The U.S. had to face embarrassment in the 2016 presidential election when it was revealed that the country’s administrative division was directly affected by cyber-attacks. This time, officials are burning the midnight oil in an attempt to protect from cyber-attacks and diffuse foreign political influence.
It is 2020 now and no elected official should be taking this possibility for granted. Election officials have been marked with using extremely sub-standard phishing protection services for their emails.
About 10,000 election officials are using anti-phishing tools to protect their critical data from the hands of scammers. Only a meager 18.6% of the entire election office manpower uses what one can call advanced protection for emails.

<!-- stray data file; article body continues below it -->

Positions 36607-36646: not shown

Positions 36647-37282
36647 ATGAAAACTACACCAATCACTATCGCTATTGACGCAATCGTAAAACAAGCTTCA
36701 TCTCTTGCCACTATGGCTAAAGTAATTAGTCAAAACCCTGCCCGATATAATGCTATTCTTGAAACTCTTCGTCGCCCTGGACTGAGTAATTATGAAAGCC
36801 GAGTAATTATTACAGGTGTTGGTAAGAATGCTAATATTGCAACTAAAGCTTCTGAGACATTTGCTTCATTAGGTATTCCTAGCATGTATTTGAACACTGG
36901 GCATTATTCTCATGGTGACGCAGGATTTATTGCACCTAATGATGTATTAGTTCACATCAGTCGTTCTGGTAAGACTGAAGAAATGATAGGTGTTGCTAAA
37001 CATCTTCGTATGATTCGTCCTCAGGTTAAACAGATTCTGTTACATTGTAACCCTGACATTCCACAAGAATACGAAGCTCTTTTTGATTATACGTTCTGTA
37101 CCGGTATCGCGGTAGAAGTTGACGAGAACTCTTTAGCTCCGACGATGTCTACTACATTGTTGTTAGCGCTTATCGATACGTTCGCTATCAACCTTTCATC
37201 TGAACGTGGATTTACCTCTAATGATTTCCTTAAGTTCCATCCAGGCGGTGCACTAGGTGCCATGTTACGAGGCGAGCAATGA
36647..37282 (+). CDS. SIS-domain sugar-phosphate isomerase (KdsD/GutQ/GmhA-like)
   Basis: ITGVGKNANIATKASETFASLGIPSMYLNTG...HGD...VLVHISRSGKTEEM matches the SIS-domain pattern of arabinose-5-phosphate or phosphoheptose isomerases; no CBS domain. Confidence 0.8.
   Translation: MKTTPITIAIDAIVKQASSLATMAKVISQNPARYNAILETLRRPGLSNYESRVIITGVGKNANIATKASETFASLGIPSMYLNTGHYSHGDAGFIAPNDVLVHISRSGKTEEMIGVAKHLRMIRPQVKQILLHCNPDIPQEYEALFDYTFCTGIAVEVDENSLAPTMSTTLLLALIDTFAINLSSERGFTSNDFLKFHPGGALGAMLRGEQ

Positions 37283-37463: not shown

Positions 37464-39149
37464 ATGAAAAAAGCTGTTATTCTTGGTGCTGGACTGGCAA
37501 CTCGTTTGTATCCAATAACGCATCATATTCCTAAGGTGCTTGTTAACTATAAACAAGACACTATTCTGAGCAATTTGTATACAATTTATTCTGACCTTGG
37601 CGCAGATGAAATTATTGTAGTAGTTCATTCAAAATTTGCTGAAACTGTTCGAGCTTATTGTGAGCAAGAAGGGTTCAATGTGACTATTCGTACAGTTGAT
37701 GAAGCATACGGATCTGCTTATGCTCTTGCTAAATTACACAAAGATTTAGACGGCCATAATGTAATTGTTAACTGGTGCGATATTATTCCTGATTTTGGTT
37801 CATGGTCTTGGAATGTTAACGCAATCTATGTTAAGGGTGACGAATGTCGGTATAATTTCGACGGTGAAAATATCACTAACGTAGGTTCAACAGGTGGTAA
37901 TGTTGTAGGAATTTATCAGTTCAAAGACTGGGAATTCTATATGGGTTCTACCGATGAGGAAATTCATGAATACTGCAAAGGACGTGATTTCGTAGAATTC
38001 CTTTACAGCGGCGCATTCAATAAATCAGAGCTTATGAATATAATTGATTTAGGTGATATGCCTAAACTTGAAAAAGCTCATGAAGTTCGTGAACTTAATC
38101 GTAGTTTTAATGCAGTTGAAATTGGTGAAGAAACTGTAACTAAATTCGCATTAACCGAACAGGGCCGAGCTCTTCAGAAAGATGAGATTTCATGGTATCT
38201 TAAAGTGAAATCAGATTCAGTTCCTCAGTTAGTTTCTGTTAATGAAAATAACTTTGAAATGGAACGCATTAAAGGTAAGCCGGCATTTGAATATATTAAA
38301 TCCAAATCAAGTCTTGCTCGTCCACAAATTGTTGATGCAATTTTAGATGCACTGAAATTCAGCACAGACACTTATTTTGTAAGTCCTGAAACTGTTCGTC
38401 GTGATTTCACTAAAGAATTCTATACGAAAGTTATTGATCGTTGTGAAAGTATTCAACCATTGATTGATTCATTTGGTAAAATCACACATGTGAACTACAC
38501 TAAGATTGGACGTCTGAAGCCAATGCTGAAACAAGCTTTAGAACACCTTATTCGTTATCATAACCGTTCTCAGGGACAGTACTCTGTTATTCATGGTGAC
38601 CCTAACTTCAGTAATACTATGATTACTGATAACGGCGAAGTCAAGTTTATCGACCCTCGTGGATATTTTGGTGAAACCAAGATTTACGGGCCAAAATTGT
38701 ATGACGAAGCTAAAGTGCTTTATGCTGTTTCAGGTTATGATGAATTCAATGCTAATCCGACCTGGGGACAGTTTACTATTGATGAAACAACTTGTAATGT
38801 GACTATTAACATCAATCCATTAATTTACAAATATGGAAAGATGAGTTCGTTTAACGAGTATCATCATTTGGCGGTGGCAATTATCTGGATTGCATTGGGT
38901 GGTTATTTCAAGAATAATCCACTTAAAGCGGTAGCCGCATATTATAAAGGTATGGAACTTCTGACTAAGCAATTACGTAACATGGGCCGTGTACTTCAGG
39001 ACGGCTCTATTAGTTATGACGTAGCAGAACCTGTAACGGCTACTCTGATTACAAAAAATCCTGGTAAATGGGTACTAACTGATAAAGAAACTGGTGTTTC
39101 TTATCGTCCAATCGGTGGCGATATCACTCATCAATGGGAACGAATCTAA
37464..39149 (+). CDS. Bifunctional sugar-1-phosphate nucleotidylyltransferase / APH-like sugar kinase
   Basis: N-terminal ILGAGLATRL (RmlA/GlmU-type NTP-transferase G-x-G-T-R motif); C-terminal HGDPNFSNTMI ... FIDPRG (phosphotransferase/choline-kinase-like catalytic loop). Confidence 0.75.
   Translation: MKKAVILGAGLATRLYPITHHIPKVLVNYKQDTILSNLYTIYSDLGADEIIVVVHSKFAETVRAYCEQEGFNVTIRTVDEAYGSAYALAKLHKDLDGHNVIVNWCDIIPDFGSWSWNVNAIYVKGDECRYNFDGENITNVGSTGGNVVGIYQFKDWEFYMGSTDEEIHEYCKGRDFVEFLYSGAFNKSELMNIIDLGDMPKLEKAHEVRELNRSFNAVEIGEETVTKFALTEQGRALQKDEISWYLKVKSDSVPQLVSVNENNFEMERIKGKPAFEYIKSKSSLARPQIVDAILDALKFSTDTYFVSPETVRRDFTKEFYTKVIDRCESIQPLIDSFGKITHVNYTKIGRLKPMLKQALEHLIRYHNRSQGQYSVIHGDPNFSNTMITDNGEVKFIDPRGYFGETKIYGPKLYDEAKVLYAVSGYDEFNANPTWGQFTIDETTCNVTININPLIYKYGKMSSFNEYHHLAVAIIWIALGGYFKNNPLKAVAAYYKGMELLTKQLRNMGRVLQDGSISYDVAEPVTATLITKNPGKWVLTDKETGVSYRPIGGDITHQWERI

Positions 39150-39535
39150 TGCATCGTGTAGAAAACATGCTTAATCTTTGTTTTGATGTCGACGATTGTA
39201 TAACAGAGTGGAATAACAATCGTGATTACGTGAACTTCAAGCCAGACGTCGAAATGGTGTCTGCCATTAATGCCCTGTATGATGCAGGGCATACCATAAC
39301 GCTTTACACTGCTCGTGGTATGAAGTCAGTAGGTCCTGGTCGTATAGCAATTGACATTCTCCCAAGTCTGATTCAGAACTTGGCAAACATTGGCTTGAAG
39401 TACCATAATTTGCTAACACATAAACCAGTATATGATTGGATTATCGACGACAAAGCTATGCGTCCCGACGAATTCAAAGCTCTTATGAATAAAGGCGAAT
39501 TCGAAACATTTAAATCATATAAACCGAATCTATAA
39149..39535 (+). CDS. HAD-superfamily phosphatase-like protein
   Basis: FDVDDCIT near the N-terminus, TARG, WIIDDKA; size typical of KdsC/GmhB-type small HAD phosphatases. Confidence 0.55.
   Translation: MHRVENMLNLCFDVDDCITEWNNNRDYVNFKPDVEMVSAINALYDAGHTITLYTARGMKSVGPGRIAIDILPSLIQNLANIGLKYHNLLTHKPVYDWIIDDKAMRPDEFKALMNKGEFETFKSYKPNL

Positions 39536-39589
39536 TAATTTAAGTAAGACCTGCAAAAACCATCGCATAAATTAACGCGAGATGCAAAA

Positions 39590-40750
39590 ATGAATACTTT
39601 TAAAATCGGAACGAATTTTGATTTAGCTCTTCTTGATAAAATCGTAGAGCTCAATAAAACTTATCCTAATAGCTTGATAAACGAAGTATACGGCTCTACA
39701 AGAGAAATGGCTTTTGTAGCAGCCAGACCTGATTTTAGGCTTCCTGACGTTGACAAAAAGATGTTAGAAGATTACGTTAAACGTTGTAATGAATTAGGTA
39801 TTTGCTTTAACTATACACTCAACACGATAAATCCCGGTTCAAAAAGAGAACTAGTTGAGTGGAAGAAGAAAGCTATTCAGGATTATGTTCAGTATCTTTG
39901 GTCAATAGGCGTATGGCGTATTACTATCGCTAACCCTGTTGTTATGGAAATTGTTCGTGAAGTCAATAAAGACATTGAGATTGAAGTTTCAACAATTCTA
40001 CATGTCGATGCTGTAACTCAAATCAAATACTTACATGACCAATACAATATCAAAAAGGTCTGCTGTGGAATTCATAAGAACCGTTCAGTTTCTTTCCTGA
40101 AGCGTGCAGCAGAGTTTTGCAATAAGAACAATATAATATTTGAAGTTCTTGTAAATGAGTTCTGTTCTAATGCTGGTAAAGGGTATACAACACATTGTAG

Officials in 6 states are using email services that have been previously attacked by Russian hackers.
Security experts have suggested that it is most likely that the states may not use the same network in elections as they do for their emails. But this does not rule out the fact that a security or firewall breach at any level can brew disastrous consequences.
Email system vulnerabilities expose election officials to extremely dangerous ransomware, phishing-based campaigns/offers and other malicious data theft software.
Today’s cyber-manipulation is not typical. It works passively by changing the narrative of the victim. In this scenario, it can disrupt their ability to do their job. It can also destroy the public’s confidence in election results.
Learning From The Past
In past, hackers targeted high-profiles, and a similar attack on the 2020 presidential election is expected.
Around $400 million have been allocated as part of Congress’s deal but billions of dollars are needed to keep voters safe at the election booths and polls.
The presidential election process was jeopardized by hackers in the past. Officials must hurry in adopting adequate security measures for data and email security.